Q&A with fire chiefs on proposed Cuba Fire District

Cuba Free Press Editor Chris Case presented Fire Chief Mike Plank and Assistant Chief Jim Smith with the following list of questions about a proposed fire district for the Cuba area. Area voters will decide if they wish to form a local fire district when they go to the polls on April 3.

EDITOR: Where did the idea of creating a fire district for Cuba originate? For how long has this been discussed?

MIKE PLANK: The decision to pursue going to a tax district has been discussed on and off for the last few years at the annual meeting held in May every year. This is the time that membership costs are looked at and determined if they will remain the same or increase for the next year.  This last meeting, it was determined that with the continued decrease in memberships, we felt that raising membership fees would not be in the best interest of the people who have continued to support the department, and the small increase that would be gained would not change the outlook of the financial goals of the department. It was then decided at that meeting to go forth with the tax ballot proposal. This tax district proposal would create funding so that everyone who owns property within the district would pay their portion. 

 

EDITOR: What is required in order to create a Cuba Fire District? Explain what the voters will see on their election ballot.

MIKE PLANK: Voters will see two questions on the April 3rd ballot, and a simple majority is all that is required for them to pass.

 

EDITOR: Who will be voting on this measure in April?

MIKE PLANK: Anyone who resides within the boundaries that the fire department covers now is able to vote on the measure. This includes the city limits of Cuba, Indian Hills, and the rural area outside the city.

 

EDITOR: Why create a Cuba Fire Protection District, and why do it now? Why can’t things continue as they currently are, with the City of Cuba and rural memberships providing revenue to support the department?

MIKE PLANK: In order to answer this question, let me first give a brief history lesson as to how the departments operate. I think this will help people better understand where we are at and why we are asking for this tax proposal. 

The city fire department was formed in 1934, and the rural department was formed in 1944.  Both of these departments have operated separately on the books for funding, but have always shared equipment and personnel. Before I go any further, I want to be very clear that this is not to be taken as any negativity towards the city government or the rural subscribers. These are facts that we are being asked to be explained, and we will do correctly. For the last 30 years, it was always agreed upon as to how expenses were split between the departments for equipment expenses and general operating expenses. Both departments have experienced declines in operating capital the last several years, with declining membership revenue and no increase in city budgets.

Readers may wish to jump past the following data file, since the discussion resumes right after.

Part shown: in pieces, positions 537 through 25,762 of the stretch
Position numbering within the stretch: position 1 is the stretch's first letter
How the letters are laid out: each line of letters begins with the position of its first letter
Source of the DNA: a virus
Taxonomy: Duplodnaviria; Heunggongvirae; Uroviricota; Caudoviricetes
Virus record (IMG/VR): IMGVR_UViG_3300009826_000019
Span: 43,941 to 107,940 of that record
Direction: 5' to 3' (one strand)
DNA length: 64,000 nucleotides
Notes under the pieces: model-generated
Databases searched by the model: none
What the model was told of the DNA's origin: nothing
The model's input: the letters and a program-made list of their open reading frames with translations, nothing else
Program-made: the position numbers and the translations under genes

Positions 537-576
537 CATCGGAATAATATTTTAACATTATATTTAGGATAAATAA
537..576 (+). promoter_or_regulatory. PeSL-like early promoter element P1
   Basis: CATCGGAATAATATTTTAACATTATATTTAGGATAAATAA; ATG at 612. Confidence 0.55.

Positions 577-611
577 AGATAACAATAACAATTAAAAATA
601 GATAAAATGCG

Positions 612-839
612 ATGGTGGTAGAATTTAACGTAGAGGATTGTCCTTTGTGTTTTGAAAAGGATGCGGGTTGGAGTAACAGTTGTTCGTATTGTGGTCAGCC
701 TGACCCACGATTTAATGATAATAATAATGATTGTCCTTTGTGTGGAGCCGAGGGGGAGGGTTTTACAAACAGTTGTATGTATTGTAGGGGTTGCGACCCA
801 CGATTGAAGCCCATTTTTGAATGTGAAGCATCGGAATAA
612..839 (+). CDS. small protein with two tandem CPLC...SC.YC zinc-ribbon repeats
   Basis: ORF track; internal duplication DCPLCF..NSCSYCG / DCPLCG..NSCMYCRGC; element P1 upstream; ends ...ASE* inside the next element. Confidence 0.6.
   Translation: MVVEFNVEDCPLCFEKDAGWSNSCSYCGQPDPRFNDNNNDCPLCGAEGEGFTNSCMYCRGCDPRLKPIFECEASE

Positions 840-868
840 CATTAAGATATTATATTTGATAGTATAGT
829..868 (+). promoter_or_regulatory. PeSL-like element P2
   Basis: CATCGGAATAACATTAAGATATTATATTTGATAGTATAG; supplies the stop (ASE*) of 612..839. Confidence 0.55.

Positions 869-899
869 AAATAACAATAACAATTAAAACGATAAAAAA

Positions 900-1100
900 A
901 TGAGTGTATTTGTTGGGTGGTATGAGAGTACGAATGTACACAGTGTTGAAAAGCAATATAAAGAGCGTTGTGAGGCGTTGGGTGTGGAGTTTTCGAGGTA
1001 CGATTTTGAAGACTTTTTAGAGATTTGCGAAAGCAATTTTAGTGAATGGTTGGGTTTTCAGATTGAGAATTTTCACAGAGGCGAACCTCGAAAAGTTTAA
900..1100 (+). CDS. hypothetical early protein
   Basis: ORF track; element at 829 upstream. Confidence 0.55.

The City of Cuba has always been very supportive of the fire department and has used other funds in the past to help with additional funding when they could. The current facility that the department is in was funded by the city and in-kind labor provided by the firefighters to finish the inside of the building, to save costs. This is just one example of joint projects that both departments have done in the past. 

So, to answer the question of why create a fire district, the bottom line is that without the additional funding that this will provide to the department, services will suffer and the reality of sustaining the quality of protection that the citizens expect and deserve will likely decrease and in the worst case may be nonexistent. We are one department in the city budget, and just like the others, they all want a bigger piece of the pie, but we all know the pie is only so big. The same holds true with the rural memberships in that you can only ask people to pay; you cannot make them pay for your service through the membership. Most people look at it as, “I will never need the fire department, so I am not going to pay this.” What they do not understand is this is the funding that provides the basic service they expect. We still show up when they do have a problem; it’s just that someone else has paid for it. The department has not been able to put any funds aside for any kind of capital improvement projects for several years, and I don’t know of any business that survives very long without some kind of emergency fund for breakdowns or major loss of a piece of equipment.

JIM SMITH: If we continue on as we are now, there will be no sustainability to keep up with our growing community. You can think of it like this: We are getting by and paying our bills – but surviving on a paycheck to paycheck type basis. It’s just how it is, and we are spending our budget the best way you can. Less money coming in diminishes our future for basic operations.  We want our community department to be sustainable to the future and to provide the best lifesaving and property conservation services we can. 

 

EDITOR: With the assessment of a property tax to support the Cuba Fire Protection District, how much additional funding will it provide the fire department and how will that money be shared between the city and rural departments? What was your department’s budget this year, and what would your budget be next year if the fire district is created?

MIKE PLANK: Based on figures provided by the county, the tax would generate approximately $325,000 annually. The funding will not be split in any way, as the rural and city departments will become one. If the fire district passes, the City of Cuba funding would cease and rural memberships would cease after January 1, 2019. The new district and board would oversee the funds and earmark them accordingly for equipment and normal operating costs. The income for the current year, combined with the city budget and rural memberships, is approximately $125,000, and is approximate due to fluctuations with memberships coming in throughout the year.